Scaling up social businesses in developing markets

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Bocken, NMP 
Fil, A 

Most of the world's poor live in developing markets and face unmet needs in core areas such as education, health, energy, sanitation and financial services. This offers businesses a vast opportunity for growth as these economies emerge from low-income to middle-income status. Social businesses in particular address a social need while generating profits typically reinvested into the business itself, but there is limited understanding of the ways through which social businesses achieve scale. This paper investigates how social businesses can scale up. First, we define scaling up as “increasing the number of customers or members of a business as well as expanding its offer and maximising its revenues until it reaches millions of people.” Second, using three in-depth case studies of social businesses that successfully scaled up according to these definitions, BRAC, Aravind and Amul, we identify scaling up strategies for social businesses. We identified market penetration, market development, product development and diversification as key strategies at different stages of business maturity. We find that there are two ways of increasing income generated that are linked to these four strategies: increasing revenue per stream and diversifying revenue streams. Our findings give insight to companies aiming to pursue social businesses and adds to the sparse literature on scaling up social businesses. A fruitful future research avenue would be to investigate the best sequence for applying these scaling strategies across companies and sectors over time.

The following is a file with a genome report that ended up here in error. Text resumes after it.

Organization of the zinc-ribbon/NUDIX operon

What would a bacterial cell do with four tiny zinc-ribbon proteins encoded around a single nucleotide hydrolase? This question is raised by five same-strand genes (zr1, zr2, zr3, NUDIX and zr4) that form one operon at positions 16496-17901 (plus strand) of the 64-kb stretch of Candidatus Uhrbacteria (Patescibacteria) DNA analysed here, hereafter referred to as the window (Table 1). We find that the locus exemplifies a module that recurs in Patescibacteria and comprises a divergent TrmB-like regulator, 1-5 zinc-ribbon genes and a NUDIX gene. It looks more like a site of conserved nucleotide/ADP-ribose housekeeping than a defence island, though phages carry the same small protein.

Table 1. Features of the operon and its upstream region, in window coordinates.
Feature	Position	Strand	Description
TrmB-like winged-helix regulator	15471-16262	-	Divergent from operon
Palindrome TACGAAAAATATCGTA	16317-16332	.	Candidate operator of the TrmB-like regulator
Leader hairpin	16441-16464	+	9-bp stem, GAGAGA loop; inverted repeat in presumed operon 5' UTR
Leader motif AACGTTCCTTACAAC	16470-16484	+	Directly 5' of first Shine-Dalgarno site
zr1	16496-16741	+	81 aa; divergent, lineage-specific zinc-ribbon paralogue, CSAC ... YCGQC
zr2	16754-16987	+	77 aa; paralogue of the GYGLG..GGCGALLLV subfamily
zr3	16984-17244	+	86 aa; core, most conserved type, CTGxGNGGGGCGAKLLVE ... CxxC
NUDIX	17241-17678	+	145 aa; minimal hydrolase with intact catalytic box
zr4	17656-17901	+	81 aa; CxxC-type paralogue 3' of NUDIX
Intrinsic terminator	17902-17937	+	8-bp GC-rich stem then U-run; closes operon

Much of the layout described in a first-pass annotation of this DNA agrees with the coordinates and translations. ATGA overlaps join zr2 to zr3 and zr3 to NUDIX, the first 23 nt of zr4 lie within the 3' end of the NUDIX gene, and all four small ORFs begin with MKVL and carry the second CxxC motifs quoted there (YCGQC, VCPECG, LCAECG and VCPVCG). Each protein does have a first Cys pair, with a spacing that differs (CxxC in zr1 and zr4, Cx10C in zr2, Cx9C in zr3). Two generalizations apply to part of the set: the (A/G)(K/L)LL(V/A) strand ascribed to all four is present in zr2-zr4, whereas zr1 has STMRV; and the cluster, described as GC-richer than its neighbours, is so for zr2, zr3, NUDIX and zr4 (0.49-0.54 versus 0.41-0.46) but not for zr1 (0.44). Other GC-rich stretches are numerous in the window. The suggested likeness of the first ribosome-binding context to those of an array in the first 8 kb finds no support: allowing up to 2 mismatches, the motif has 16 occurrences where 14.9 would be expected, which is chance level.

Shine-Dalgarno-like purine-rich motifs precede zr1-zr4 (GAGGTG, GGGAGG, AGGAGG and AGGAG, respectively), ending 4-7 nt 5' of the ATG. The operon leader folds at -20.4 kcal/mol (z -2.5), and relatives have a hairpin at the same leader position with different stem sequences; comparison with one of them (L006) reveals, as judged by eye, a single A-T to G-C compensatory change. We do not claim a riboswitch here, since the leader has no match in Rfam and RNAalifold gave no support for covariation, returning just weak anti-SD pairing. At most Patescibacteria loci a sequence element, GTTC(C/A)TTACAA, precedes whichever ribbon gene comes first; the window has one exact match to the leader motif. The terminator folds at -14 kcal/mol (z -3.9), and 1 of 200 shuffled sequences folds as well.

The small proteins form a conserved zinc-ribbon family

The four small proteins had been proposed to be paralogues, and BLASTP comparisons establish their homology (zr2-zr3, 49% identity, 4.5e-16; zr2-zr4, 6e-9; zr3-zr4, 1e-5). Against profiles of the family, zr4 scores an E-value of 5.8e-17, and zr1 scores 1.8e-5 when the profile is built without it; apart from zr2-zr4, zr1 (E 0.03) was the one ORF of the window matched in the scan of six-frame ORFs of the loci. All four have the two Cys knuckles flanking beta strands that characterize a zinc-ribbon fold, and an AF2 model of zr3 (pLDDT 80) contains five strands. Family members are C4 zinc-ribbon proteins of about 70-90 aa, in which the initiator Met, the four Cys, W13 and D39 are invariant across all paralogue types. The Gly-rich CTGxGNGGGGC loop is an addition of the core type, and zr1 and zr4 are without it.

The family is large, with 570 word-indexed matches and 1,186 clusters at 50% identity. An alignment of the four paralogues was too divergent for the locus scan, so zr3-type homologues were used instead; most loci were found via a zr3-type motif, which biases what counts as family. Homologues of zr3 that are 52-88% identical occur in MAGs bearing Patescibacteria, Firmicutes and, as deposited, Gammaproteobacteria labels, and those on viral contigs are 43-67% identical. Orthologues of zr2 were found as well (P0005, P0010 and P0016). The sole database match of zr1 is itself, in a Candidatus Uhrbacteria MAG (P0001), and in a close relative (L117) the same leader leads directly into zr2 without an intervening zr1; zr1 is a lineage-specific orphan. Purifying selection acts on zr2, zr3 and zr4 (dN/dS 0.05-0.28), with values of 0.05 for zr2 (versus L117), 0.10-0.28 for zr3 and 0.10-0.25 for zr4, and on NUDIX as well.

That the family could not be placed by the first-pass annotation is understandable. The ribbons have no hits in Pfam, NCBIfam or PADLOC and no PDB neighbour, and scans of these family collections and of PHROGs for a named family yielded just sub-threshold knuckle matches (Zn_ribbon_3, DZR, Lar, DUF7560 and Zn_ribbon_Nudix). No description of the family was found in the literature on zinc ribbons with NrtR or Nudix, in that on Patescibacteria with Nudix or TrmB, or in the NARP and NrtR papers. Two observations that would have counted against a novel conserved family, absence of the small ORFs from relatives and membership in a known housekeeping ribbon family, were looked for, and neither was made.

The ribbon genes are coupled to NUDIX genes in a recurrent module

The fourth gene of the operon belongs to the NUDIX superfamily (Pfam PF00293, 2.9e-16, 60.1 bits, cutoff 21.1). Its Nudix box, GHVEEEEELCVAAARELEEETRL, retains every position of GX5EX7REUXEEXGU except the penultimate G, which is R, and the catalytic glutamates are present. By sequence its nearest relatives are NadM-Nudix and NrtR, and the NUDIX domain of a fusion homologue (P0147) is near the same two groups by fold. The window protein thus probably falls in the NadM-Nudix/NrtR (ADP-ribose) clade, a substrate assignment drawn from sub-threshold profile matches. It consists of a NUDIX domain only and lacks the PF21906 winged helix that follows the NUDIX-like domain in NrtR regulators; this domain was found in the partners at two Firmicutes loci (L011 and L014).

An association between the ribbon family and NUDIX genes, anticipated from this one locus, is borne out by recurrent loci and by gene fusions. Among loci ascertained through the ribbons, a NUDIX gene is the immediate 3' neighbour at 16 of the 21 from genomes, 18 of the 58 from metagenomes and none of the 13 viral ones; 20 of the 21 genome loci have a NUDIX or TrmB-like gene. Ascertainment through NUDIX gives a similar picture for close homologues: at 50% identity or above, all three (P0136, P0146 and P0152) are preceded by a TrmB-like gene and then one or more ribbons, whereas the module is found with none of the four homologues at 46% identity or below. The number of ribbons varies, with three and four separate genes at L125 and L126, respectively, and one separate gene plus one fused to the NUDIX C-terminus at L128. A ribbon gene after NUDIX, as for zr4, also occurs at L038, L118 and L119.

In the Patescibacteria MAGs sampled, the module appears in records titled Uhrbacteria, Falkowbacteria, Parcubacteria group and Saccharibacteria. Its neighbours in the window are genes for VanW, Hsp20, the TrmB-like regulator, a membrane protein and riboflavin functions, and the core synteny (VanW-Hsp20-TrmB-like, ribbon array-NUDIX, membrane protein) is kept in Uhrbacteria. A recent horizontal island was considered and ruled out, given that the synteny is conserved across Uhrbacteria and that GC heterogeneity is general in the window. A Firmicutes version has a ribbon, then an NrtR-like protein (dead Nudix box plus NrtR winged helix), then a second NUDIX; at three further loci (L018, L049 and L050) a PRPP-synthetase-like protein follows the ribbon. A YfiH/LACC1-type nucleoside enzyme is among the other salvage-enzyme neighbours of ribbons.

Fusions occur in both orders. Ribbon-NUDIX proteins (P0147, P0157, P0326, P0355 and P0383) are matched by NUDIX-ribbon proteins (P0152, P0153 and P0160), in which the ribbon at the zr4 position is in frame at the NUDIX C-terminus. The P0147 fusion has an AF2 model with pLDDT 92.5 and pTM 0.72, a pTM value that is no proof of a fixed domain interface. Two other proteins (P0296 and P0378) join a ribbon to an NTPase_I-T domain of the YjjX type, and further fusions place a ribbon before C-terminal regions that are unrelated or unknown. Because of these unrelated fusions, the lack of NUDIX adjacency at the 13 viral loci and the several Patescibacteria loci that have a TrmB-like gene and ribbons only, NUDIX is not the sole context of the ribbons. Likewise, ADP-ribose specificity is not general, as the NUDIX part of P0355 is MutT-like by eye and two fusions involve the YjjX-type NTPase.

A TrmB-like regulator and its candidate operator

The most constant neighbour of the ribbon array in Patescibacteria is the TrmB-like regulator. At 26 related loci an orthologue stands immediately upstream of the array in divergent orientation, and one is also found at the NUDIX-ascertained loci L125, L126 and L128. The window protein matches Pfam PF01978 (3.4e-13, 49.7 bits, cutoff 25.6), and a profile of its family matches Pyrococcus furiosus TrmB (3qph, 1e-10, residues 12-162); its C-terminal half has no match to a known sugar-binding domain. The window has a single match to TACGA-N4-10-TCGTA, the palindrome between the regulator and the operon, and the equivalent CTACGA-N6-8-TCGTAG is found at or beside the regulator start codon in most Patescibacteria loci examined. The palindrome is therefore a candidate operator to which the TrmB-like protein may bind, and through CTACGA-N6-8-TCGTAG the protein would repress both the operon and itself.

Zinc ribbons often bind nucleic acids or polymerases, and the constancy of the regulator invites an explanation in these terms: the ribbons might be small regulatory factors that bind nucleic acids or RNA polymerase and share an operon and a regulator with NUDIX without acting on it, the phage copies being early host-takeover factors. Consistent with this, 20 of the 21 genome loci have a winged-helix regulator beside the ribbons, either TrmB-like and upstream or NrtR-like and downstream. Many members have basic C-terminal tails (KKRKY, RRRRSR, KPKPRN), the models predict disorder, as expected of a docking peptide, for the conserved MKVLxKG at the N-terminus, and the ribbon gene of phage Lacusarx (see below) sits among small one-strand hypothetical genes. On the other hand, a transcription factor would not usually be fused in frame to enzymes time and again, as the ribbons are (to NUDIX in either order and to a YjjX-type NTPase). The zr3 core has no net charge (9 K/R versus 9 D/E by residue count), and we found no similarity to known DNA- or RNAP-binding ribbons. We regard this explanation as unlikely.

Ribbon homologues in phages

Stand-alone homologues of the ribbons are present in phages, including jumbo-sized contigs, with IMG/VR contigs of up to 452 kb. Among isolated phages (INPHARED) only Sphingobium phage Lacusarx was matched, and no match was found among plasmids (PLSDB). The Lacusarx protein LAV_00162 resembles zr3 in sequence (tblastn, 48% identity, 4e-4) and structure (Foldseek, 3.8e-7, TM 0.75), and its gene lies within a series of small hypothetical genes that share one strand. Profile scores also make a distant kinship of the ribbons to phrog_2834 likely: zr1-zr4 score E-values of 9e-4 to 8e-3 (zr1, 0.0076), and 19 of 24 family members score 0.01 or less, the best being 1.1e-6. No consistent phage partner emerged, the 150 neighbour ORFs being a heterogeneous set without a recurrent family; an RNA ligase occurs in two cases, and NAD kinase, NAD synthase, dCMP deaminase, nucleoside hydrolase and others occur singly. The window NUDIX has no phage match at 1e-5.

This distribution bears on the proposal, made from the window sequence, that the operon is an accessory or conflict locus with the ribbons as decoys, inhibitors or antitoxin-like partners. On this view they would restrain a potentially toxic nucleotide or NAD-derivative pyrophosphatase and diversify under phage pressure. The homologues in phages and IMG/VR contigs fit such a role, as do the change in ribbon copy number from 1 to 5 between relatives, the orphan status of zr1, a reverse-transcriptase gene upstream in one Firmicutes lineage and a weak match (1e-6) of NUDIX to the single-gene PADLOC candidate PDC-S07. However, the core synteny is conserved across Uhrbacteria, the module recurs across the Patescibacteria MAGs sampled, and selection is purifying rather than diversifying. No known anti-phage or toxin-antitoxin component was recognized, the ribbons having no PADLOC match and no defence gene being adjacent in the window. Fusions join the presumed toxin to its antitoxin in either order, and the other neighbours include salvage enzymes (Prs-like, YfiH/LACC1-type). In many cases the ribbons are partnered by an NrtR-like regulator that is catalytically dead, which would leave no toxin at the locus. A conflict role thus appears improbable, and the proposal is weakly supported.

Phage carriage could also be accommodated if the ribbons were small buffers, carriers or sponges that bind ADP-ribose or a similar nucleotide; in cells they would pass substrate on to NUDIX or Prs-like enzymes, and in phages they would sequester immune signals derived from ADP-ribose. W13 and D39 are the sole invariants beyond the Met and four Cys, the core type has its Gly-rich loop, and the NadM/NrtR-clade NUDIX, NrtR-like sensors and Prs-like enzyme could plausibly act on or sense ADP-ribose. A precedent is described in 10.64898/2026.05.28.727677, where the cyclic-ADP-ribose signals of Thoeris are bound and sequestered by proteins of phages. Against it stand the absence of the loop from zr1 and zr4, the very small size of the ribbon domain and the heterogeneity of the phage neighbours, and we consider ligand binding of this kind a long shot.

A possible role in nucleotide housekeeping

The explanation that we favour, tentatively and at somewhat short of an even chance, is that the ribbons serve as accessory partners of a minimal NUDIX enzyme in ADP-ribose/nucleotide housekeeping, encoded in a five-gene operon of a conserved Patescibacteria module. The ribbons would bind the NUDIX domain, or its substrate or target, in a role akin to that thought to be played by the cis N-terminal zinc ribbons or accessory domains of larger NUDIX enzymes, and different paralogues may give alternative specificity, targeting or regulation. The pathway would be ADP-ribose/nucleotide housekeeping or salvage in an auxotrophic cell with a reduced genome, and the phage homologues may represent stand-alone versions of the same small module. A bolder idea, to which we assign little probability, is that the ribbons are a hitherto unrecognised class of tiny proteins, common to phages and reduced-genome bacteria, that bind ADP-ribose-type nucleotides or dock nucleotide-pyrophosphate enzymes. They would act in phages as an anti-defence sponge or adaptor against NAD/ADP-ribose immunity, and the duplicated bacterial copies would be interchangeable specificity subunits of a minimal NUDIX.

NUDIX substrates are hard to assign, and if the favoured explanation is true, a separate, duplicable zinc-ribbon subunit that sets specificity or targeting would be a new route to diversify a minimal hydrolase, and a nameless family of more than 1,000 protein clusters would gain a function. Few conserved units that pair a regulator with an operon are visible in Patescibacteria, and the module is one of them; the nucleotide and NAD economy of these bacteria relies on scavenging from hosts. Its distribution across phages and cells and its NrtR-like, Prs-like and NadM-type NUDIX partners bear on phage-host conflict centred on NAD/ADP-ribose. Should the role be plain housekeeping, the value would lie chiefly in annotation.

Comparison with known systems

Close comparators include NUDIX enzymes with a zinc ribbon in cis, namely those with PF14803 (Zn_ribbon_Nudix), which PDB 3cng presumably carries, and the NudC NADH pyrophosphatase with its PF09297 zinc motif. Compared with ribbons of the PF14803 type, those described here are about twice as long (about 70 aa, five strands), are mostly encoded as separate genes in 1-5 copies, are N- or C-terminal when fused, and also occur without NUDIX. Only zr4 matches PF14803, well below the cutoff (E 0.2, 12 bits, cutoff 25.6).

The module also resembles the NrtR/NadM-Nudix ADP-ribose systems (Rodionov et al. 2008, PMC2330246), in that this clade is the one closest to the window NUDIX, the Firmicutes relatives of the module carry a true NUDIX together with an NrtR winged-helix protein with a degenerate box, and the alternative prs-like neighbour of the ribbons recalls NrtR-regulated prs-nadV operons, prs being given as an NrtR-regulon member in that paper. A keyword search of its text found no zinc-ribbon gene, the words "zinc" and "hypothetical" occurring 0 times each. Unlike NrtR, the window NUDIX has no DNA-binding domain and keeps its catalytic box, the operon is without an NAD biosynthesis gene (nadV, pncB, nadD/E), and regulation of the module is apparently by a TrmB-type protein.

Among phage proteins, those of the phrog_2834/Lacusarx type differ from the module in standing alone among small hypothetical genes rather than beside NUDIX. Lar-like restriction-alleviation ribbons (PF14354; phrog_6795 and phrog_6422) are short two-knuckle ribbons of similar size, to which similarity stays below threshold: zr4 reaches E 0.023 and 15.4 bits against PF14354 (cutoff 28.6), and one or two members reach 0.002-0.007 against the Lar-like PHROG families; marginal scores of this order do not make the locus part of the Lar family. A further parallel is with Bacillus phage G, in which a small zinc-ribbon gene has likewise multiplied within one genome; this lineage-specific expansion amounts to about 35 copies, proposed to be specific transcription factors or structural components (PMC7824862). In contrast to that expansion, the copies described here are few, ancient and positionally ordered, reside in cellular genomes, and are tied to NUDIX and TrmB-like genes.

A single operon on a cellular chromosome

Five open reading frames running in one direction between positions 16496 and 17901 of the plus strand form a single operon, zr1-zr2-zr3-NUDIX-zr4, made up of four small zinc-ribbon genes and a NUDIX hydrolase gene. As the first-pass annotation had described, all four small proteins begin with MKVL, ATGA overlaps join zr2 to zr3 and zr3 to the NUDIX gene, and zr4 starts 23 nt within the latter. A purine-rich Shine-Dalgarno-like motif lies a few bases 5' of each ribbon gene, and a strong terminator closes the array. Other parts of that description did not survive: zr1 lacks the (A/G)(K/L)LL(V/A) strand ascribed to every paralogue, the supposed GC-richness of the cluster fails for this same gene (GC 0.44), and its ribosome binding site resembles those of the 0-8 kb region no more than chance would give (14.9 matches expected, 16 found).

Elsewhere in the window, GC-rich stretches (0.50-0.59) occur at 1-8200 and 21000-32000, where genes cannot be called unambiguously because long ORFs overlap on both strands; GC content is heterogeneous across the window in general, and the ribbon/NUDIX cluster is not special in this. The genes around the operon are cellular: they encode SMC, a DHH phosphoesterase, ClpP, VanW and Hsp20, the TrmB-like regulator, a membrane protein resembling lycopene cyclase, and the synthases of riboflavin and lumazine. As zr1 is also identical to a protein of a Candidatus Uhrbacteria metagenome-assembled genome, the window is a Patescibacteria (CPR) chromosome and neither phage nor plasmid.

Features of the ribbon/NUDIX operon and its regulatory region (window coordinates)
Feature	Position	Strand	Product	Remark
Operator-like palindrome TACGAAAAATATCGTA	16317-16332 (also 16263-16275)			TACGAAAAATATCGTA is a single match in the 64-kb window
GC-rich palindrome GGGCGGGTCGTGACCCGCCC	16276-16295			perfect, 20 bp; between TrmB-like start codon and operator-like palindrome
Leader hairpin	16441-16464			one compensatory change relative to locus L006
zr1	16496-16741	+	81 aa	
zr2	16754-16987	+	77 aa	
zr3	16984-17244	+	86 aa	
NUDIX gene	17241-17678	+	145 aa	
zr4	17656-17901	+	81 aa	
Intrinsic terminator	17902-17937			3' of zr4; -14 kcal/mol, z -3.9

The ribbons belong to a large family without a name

social business, business models, social entrepreneurship, developing markets, business strategy, sustainable growth
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Journal of Cleaner Production
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